#1. At age 20 leave NYC. Stop pursuing acting career after realizing I don’t want to spend my life speaking other people’s words, because I want to speak my own.
#2. Upon realizing my life purpose involves being committed to healing the planet, I became a wilderness rehab counselor with the firm belief that we cannot ask people to heal an ailing planet if we cannot heal ourselves.
#3. After participating in the largest (at that time) organized protest on the planet, and seeing nothing but a few incorrect statistics and lame reporting on the back pages of the New York Times (this was before the era of new media) I decided I wanted to be the storyteller rather than rely on others to get it right.
I mention these because today I am faced with a game changing moment. Yesterday I learned that current.com is changing direction, and will stop producing original content on channels that are not affiliated with their TV franchises. So I say goodbye to the green channel which I helped create, to an online community I have become endeared to, and to a platform I believe in. Luckily, I’m a firm believer that change is for the better. No really, I tattooed it to my body during another crucial time of change (true confession, I was 19 at the time, but I still love that tattoo).
The way I see it, the experience provides me an opportunity to walk the talk. Embracing change, not resisting transition, not staying stagnant, being true to the truth, flexibility, committing to transformation, these are the key ingredients to living on a sustainable planet. The changes in our economy, to our work lives, to the way we live and depend upon each other are changing as we learn (or relearn) about the requirements of living sustainably. Changing what we know, leaving what is safe, being open to new opportunities (sometimes in unexpected places from unexpected people) that is how we will find, create, and develop new innovative ways to live on the planet.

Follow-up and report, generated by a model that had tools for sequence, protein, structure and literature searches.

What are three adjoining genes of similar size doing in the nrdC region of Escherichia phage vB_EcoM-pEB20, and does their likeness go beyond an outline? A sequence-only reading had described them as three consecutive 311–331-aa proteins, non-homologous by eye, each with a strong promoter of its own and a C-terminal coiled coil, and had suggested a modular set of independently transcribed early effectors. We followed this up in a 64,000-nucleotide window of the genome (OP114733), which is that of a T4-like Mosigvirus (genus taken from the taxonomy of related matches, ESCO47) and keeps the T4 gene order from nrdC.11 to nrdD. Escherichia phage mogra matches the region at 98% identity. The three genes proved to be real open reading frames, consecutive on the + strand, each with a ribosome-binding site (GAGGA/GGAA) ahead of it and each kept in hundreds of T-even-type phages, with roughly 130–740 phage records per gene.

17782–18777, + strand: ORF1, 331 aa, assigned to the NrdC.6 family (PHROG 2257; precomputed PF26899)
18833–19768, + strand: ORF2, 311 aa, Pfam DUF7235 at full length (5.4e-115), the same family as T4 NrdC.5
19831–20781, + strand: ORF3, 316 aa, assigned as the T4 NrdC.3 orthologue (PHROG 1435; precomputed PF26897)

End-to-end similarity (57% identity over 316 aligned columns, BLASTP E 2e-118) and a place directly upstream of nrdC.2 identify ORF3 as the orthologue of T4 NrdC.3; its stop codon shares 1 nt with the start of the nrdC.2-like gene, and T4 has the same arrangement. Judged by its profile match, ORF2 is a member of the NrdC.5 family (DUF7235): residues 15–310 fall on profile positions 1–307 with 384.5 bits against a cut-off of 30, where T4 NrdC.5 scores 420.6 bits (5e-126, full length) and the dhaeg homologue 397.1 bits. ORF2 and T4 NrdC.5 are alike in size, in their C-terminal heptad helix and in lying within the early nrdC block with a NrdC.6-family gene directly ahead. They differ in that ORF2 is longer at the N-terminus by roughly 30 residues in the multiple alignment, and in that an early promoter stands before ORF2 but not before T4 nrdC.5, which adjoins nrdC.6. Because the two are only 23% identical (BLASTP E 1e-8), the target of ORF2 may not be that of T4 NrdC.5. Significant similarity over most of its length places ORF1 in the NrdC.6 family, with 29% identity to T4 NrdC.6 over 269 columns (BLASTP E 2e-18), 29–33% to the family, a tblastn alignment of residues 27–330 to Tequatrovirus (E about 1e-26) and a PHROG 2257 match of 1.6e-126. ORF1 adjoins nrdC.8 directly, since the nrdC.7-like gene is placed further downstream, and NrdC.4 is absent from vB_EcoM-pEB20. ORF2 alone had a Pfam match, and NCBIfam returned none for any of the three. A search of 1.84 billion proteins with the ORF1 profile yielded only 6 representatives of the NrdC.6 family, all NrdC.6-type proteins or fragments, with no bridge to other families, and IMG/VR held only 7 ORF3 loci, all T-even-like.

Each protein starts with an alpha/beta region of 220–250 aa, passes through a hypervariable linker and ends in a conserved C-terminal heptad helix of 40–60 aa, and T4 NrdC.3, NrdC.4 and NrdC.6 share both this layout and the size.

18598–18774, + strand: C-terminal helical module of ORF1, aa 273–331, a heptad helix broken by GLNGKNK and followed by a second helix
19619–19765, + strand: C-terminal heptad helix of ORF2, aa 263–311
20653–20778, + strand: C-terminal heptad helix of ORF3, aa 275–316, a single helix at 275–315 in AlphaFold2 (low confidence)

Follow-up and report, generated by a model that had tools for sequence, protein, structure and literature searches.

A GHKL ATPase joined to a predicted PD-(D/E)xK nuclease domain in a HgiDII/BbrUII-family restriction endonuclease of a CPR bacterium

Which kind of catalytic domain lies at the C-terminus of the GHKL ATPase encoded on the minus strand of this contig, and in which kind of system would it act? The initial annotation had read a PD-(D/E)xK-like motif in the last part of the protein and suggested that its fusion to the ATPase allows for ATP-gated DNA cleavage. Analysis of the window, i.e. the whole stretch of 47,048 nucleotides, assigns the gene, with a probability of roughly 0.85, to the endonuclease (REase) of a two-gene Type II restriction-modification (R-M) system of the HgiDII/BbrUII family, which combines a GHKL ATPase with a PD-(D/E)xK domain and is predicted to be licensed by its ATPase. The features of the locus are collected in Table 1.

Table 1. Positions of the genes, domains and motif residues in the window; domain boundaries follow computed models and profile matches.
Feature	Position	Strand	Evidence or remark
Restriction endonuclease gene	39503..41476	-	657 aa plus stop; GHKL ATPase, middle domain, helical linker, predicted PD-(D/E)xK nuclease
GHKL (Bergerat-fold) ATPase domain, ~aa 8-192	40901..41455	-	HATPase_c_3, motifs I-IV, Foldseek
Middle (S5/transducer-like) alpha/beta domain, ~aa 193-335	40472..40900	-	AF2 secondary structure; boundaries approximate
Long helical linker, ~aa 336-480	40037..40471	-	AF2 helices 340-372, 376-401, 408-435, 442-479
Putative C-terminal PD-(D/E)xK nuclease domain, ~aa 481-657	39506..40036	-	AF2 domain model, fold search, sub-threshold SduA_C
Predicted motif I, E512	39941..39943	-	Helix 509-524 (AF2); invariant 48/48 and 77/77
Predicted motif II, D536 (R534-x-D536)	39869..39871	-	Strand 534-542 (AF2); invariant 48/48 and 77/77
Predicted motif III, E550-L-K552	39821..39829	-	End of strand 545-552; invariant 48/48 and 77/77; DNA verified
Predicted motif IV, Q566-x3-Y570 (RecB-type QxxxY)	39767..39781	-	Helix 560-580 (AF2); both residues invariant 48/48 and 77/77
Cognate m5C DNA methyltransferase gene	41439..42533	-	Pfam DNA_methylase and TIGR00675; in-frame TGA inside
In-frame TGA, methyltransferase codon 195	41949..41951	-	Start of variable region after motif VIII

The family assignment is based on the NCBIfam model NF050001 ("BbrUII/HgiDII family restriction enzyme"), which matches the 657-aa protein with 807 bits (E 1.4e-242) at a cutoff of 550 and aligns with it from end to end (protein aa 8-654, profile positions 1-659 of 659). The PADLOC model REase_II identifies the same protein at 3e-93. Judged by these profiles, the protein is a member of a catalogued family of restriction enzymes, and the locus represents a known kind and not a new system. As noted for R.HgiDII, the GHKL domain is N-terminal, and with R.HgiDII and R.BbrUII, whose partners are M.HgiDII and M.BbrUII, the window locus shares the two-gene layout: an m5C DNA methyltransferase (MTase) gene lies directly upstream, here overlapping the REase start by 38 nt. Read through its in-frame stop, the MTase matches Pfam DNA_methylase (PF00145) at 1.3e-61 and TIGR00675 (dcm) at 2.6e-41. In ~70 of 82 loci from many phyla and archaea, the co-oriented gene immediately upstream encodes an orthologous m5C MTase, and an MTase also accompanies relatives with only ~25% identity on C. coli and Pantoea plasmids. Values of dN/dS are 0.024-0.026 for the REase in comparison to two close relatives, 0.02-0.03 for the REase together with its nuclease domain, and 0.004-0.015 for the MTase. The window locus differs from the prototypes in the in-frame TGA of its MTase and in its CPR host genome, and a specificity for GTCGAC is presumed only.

In other words, I am thankful for this opportunity for movement, and for the new opportunity to clarify my new focus. The past two and half years at Current have been amazing, and it was an honor to work in the media, and at a place that attracted some of the hardest working, committed, decent, and caring people I know.
Meanwhile, I’m looking forward to reconnecting with the earth I talk so much about, and am looking forward to finding new opportunities to herald the belief that thriving on a sustainable planet is still possible. I am giddy with excitement to continue my crazy project of removing 560 pounds of garbage out of the ocean by hand. It would seem there is no better time than the present than to complete the novel I have committed to completing by March. Oh yes, and I’m sure I’ll get sucked into some new media consulting gigs.
I’ll continue twittering about, you can follow (and join) the garbage project on Facebook, and my friend Julie inspired a weekly newsletter when she asked, “I want to know who has the hope, the plan, the way out. If there is one. What is it?” So every week I send a newsletter to my personal network with links to some of the key environmental stories. If interested, you’ll find the info on the top right side of my blog.
Meanwhile, what better way than to end one chapter and begin the next with one of my favorite quotes of all time:
“Nothing that is worth doing can be achieved in a lifetime, therefore
we must be saved by hope.
Nothing which is true or beautiful or good makes complete sense in any immediate context of history; therefore we must be saved by faith.
Nothing we do, however virtuous, can be accomplished alone, therefore
we must be saved by love.”